Wednesday, February 2, 2011
Teen Drama: Hunger Games and Witch & Wizard
Amanda hasn't been a big reader since the days when she would select a Dr. Seuss and wordlessly back up to your lap, waiting to be picked up and read to. The only book she's ever raved about was Mr. Popper's Penguins in 3rd grade. But she decided to give Hunger Games a try so she wouldn't be out of the loop - and she loved it. I actually found her in her room - READING - no tv, no computer, no texting. Well, a mom can dream - there may have been texting - but there was definitely reading. After completeing the first book she requested volumes two and three!!
I understand why the story appeals to the high school/college demographic - teens rebelling against adults that force them into the ultimate TV reality show. Oh, the drama! But the Panem government also has shades of Communism that strike a chord with anyone who lived through the Cold War. Much like the Harry Potter books, even though this series is marketed as Young Adult, it appeals to a broad audience.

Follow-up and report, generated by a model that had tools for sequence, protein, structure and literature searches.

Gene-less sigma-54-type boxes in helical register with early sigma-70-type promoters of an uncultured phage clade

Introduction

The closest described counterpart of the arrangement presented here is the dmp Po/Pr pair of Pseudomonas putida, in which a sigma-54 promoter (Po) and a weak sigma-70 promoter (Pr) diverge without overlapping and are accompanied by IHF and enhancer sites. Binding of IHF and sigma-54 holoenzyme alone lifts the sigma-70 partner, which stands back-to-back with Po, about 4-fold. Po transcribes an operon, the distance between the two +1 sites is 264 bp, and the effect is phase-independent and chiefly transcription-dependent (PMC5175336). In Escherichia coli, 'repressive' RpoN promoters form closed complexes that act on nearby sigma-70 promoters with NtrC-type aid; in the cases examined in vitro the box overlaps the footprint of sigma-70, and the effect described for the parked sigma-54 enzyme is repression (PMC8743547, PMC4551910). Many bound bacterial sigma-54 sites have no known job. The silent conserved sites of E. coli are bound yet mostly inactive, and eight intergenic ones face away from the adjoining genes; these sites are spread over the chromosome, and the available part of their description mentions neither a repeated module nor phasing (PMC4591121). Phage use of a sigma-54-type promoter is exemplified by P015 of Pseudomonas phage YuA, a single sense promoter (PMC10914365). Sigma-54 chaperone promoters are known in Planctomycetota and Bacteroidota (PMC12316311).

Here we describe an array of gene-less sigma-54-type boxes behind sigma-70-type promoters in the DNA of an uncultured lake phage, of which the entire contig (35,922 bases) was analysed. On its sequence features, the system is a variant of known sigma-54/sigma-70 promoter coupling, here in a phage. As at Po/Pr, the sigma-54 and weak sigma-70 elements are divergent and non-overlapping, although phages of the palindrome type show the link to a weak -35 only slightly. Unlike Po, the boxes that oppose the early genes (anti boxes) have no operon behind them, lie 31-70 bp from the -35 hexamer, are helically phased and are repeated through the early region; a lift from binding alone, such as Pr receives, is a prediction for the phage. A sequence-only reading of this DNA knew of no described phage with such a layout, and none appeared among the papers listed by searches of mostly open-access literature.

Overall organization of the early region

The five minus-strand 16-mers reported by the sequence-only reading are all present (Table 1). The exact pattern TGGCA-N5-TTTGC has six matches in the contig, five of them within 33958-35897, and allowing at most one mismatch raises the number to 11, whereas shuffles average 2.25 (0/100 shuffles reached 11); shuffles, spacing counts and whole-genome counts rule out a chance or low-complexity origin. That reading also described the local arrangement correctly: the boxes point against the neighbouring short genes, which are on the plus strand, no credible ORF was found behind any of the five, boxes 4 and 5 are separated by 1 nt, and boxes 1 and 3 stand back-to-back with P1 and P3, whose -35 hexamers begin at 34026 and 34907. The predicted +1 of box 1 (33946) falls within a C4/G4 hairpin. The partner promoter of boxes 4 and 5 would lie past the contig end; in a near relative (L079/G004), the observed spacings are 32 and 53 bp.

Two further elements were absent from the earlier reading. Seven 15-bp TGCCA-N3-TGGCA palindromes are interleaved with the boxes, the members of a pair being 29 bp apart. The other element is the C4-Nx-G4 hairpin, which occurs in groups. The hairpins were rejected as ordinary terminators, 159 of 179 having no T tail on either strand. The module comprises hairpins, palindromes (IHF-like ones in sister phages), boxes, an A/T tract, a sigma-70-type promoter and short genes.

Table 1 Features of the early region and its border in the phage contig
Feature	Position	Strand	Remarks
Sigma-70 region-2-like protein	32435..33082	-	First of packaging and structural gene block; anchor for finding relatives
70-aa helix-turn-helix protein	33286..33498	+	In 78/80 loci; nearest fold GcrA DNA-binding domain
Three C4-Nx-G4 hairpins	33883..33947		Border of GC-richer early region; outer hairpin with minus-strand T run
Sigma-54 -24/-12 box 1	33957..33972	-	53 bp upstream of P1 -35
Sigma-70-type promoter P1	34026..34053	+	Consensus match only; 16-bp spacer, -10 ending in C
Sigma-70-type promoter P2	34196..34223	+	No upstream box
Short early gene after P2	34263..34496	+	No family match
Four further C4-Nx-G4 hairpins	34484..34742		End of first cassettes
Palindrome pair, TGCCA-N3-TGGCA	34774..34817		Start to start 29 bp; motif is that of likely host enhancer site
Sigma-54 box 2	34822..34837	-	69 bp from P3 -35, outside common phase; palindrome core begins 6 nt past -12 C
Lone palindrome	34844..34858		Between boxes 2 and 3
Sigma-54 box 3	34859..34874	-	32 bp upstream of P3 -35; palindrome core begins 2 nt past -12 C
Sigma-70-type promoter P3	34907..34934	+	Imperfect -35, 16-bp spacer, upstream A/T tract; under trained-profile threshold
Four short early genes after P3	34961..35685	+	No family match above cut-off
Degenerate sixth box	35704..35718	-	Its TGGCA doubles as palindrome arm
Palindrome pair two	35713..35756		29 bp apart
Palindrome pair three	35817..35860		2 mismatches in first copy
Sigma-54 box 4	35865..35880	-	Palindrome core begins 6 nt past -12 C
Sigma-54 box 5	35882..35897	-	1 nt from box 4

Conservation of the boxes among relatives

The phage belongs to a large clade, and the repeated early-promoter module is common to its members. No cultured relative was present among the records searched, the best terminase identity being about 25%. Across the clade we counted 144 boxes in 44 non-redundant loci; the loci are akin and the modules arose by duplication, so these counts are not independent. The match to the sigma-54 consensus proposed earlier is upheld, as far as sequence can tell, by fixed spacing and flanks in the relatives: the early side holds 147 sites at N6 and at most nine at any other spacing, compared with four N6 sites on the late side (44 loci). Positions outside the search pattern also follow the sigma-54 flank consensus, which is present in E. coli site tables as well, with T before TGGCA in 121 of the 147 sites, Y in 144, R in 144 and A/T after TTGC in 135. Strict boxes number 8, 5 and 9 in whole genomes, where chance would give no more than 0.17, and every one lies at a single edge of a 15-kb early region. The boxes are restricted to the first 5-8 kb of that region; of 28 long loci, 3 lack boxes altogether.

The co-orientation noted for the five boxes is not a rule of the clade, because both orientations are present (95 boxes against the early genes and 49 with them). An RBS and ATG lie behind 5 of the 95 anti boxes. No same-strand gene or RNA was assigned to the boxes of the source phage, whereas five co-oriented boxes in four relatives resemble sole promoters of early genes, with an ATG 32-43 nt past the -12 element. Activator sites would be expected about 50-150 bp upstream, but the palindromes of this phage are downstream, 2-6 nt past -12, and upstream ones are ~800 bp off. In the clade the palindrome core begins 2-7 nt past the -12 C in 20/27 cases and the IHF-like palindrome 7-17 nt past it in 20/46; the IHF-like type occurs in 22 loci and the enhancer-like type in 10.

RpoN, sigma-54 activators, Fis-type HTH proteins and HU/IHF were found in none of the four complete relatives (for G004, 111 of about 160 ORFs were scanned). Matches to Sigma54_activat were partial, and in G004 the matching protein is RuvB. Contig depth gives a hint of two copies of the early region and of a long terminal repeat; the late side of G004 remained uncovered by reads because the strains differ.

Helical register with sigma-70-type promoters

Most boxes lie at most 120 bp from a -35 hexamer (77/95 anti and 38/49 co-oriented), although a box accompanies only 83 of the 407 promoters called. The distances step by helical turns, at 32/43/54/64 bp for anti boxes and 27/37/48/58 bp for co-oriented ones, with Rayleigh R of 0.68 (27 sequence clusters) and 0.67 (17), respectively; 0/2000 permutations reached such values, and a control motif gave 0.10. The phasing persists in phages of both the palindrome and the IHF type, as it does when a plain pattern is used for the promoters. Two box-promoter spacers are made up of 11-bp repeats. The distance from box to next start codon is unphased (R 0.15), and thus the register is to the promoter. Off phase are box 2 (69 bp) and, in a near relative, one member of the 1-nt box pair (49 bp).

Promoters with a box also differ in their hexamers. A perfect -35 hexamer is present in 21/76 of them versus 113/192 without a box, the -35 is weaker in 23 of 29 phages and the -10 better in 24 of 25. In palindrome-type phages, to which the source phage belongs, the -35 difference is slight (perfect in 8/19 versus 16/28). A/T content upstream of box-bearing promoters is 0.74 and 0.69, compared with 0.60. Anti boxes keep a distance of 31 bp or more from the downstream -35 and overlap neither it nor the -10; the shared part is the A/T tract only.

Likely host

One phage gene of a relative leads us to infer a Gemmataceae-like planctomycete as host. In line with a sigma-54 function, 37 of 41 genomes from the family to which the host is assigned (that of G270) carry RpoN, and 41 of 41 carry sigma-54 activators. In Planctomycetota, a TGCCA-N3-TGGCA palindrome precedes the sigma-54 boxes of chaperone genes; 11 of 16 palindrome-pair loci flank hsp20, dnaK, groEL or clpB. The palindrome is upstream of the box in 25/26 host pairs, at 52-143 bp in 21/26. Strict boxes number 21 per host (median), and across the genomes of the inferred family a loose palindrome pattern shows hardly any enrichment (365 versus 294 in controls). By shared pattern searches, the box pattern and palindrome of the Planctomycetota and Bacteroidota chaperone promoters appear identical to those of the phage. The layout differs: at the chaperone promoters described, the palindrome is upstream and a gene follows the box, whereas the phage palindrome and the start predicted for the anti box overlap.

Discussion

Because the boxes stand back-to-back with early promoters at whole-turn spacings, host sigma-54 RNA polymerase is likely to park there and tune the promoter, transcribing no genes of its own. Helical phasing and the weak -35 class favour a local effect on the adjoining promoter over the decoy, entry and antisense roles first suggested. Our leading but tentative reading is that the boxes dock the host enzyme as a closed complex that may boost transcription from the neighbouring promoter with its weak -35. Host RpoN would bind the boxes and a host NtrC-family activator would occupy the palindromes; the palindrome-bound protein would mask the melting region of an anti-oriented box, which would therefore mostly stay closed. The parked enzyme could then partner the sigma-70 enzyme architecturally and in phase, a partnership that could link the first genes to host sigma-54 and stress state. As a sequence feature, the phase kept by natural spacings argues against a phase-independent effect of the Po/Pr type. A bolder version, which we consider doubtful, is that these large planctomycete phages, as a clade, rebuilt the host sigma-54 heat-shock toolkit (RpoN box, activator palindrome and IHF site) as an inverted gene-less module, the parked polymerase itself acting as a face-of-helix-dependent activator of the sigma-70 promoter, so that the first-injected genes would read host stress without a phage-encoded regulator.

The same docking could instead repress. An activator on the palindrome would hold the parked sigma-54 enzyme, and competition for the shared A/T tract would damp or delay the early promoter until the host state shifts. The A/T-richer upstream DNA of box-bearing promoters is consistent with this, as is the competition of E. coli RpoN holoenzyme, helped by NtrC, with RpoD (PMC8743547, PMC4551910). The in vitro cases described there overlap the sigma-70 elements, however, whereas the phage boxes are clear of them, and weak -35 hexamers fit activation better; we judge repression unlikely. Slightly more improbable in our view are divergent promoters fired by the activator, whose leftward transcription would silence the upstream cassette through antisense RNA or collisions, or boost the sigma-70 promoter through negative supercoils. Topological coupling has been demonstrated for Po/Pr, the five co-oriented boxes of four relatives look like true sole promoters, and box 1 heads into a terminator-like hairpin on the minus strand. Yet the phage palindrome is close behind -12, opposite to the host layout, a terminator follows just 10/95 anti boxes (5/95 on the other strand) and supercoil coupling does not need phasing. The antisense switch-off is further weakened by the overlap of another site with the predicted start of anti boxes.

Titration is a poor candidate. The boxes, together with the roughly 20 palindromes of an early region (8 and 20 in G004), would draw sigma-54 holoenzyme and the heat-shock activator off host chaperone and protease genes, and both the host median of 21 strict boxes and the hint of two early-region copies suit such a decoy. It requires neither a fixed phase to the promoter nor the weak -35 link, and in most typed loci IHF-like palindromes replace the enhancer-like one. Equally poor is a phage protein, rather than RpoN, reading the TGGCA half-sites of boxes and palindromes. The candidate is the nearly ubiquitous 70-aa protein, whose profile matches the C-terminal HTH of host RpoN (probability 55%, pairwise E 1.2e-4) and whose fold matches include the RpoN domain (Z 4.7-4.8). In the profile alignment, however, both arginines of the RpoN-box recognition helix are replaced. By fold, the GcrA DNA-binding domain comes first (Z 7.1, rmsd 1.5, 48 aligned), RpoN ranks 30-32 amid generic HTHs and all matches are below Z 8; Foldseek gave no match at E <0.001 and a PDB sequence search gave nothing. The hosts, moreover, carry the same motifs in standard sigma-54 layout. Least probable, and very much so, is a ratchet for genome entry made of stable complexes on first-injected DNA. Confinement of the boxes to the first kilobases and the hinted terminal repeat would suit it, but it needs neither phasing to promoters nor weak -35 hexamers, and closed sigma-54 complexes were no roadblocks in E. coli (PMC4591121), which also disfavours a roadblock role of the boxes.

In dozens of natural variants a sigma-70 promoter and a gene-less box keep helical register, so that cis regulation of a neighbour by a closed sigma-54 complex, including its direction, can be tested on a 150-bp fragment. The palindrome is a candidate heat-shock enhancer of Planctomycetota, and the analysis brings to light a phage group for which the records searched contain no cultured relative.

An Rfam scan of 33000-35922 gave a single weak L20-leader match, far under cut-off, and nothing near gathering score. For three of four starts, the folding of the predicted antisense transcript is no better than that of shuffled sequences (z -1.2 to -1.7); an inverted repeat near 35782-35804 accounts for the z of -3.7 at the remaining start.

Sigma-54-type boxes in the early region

Fast forward to October. James Patterson, ever the clever marketing exec, got in on the hoopla with the first of the Witch & Wizard series, a Hunger Games knock-off aimed more at the Jr. High crowd. Dave and I both needed a "teen book" to complete our Library Bingo cards, so we shared this one on a recent car trip.
The similarities to Hunger Games are obvious, with a sprinkling of Harry Potter stirred in, but it's still an engaging tale that brought us back for volume two - The Gift - which came out in December, and we'll probably read at least one more to see how the story develops.
We recommend Hunger Games for all adults - both for entertainment and for the cautionary tale. We recommend Witch & Wizard for the younger set, or for parents/grandparents who want to "have something intellectual to discuss" with the kids.